Chief Kenneth Brown, who took the job as Milford’s police chief in January 2016, has announced he will step down as of August 1. Chief Brown took over the department after the retirement of Chief E. Keith Hudson who served as chief since 2002.
“Last year, I got married and my wife has a funeral home down in Laurel,” Chief Brown said. “She’s become quite busy and she doesn’t really have any help administratively. I’ve been toying with the idea of retiring, but I was trying to get through the new building, to wait for that to happen and get us moved in. Over the weekend, we just sat down and had a conversation about it and felt it was just the best way forward for us. I can unload some of my pressures and help her unload some of hers.”
Chief Brown started with the Milford Police Department as an officer in March 1988. He explained that he never wanted to be an officer anywhere else. The only time he ever applied to another department was during a period when Milford was only hiring certified officers. A then-lieutenant with Milford suggested that Chief Brown apply elsewhere in order to get certified, so he put in an application with Harrington, but he never accepted a position with them. He was offered a position with Milford and has remained with them ever since.
“Probably the most rewarding part of my job is also the most challenging,” Chief Brown said. “That is the social reform that is happening today. It has created a lot of stress, but it also has had a lot of impact. I ended up getting on the board for the state chiefs which allowed me some influence in making changes throughout the state. It’s been very rewarding.”
Chief Brown stated that changes in how police officers interact with the community added stress to his job, but he also found that handling new officers today was much different than the way they were handled when he started on the force.
“There is a different mindset in the younger generation,” Chief Brown said. “That has its challenges as well. It is tough for somebody of my generation to effectively deal with some of those issues.”
Milford Police Department is also credited with some firsts in the state and Chief Brown is proud to have been part of that. Although Milford was not the first department to deploy body cameras, it was one of the first to use them throughout the entire department.
“That was the first thing I did,” Chief Brown said. “It wasn’t as big a topic as it is today, so to have council fully fund that was just amazing because there are huge costs and still are. It is not a one time cost, it is a forever cost. We have to pay for storage of all of that evidence. People don’t understand that those videos are evidence and we have to keep them for so many years.”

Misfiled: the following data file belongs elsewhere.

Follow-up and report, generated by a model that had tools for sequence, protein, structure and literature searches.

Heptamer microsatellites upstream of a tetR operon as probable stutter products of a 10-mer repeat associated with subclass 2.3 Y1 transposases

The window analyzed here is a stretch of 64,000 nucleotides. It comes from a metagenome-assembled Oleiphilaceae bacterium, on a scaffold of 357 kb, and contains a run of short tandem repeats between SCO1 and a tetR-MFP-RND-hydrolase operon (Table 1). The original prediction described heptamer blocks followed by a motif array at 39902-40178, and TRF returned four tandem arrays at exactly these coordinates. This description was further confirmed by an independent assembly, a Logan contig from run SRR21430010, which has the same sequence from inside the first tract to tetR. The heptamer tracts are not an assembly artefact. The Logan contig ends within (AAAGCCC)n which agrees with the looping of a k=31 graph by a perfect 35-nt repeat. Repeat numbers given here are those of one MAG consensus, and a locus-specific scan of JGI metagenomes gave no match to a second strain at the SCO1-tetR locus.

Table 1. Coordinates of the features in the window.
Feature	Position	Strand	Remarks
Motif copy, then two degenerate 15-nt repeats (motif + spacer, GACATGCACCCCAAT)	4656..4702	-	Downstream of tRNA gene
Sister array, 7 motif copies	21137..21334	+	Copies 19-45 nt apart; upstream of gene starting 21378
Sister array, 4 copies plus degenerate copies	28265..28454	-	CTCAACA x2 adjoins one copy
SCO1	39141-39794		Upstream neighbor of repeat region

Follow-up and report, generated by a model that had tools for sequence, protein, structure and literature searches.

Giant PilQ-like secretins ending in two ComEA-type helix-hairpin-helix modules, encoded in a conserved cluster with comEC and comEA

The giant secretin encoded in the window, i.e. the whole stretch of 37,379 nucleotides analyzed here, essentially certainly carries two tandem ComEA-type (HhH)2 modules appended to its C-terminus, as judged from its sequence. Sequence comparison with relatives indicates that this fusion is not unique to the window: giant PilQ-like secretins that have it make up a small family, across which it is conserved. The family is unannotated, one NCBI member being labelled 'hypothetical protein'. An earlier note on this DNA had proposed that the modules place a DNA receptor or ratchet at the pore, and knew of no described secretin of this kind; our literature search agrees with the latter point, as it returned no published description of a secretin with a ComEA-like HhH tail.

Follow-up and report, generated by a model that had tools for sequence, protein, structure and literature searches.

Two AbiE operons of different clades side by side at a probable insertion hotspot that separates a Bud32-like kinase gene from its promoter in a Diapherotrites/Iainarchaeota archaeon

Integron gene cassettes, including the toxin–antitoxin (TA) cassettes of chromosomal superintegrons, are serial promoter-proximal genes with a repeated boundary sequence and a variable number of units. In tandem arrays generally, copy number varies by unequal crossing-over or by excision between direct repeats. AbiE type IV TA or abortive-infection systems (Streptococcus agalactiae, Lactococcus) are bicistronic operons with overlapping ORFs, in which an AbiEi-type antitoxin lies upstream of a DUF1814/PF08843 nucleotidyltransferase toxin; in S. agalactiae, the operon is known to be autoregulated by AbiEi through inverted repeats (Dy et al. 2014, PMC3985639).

Another program Chief Brown is proud of is the implementation of the Behavioral Health Unit, although he credits Councilman Jason James with spearheading that program.
“I think we were definitely up front on that,” Chief Brown said. “I had been looking into it but never thought I would just be able to get it and when he brought up the idea, I was like “Okay, now we got somebody serious about it”. So we ran with this, we took off running with that and got it done pretty quick.”
Chief Brown also credits a supportive council with his success, stating that he could not have accomplished what he did without their support. His advice for his successor is that they continue to do the things he started and that they stay at the forefront of everything. He also suggested that he continue to build a good rapport with members of council.
“Quite honestly, I don’t think I’ve ever been told no by the council. Of course, I didn’t bug them with every little thing either,” Chief Brown said. “You know, if I came in there and asked for something, we’ve done our homework and know that’s what we need and this is what it’s going to cost and all that, so thankfully they’ve always agreed. Anyone that follows me needs to understand that if you do it right, they support what you do.”
As for leisure time in his retirement. Chief Brown stated that as busy as his wife’s business was, he doubted there would be much leisure time. However, once he made the decision to retire, he felt a great weight lift from his shoulders. He still plans to live in Milford, so he will be around at events and festivals, but he is looking forward to less pressure after August 1.
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